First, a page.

This article was originally published by Pacific Forum CSIS on 24 May 2017.
‘This third-generation Kim already holds the titles of supreme leader, first secretary of the party, chairman of the military commission and supreme commander of the army – but he wants even more. This Kim wants recognition, vindication and authentication.’ The Observer, May 8, 2016
This description of Kim Jong Un is not the most lurid; in fact, it is representative of broadsheet analysis of the leadership of North Korea. It reduces analysis of the leadership of a state of 25 million people, which has an indigenous advanced scientific capability sufficient to develop nuclear weapons and advanced ballistic missile technology, to a level more appropriate to the pages of an airport pot-boiler. It trivializes analysis of a conflict that involves all the world’s great military powers, and which intermittently looks as if it might spill over into warfare that military planners from all sides assess will cost millions of lives, however and whenever the conflict ends.
The focus on Kim Jong Un as supreme leader is misplaced and dangerous. It obscures and prevents discussion of where real power lies in North Korea.
This article was originally published by the International Crisis Group on 29 May 2017.
50 years after Nigeria’s then Eastern Region declared itself the Republic of Biafra, sparking a brutal and costly three-year civil war, the country again faces a separatist challenge. Across the Igbo south east, there is resurgent agitation for an independent Biafra state.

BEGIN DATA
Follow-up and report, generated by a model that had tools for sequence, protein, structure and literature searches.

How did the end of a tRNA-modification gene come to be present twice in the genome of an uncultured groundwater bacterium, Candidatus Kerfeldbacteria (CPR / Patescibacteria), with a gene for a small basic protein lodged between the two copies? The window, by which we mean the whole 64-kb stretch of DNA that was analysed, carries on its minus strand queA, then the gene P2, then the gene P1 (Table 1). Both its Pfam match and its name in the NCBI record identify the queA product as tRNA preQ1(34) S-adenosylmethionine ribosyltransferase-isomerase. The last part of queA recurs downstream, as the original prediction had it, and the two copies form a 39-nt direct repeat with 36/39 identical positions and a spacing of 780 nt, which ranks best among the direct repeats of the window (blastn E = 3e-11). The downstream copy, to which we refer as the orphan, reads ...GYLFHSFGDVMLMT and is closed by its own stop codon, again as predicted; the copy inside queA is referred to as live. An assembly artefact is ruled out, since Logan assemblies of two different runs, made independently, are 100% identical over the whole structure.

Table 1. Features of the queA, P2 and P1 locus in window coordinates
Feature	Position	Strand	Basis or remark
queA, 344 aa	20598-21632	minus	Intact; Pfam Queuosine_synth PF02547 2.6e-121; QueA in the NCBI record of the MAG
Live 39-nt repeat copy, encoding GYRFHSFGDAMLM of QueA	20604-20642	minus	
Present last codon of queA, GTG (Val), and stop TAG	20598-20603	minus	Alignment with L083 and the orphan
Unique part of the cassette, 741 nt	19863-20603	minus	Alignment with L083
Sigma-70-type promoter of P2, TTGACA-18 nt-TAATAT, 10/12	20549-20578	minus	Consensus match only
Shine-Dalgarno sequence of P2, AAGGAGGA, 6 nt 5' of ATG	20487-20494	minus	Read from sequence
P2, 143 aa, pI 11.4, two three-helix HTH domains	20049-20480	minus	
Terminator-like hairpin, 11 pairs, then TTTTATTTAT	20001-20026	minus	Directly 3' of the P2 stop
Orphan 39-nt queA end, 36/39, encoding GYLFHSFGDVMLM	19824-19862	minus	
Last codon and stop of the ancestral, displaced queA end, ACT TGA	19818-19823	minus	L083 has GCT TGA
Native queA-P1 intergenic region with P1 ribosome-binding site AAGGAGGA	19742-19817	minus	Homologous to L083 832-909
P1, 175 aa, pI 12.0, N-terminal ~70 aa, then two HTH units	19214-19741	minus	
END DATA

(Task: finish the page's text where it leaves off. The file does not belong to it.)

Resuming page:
President Muhammadu Buhari’s forceful response to the agitation has been counter-productive, inflaming passions and boosting separatist sentiments. The government needs to change course and prioritise dialogue over coercion.
The starting point of any response is to understand the agitation’s roots. They include political and economic grievances, a deep sense of collective victimisation among the Igbo, and the failure of south east politicians to provide good governance and development.
This article was originally published by Political Violence @ a Glance on 23 May 2017.
On March 17th, a US airstrike killed nearly 300 people in the densely populated area of western Mosul. This deadly attack – along with other reports of mounting civilian casualties from US airstrikes in Iraq, Syria, and Yemen – are raising questions about whether the Trump administration has relaxed the rules of engagement.
Since entering office, President Trump has sought to reduce the constraints on the use of force imposed by his predecessor. For instance, he has designated parts of Yemen and Somalia as “areas of active hostilities,” giving the US military greater latitude to carry out airstrikes and ground raids. His new plan to defeat ISIS is also expected to include “recommended changes to any United States rules of engagement and other…policy restrictions that exceed the requirements of international law.” So far, both administration and military officials have denied that a formal change in the rules of engagement has taken place. But human rights groups are saying that even the perception of declining concerns over civilian deaths can have a “detrimental strategic impact” on the fight against ISIS, with dire humanitarian consequences.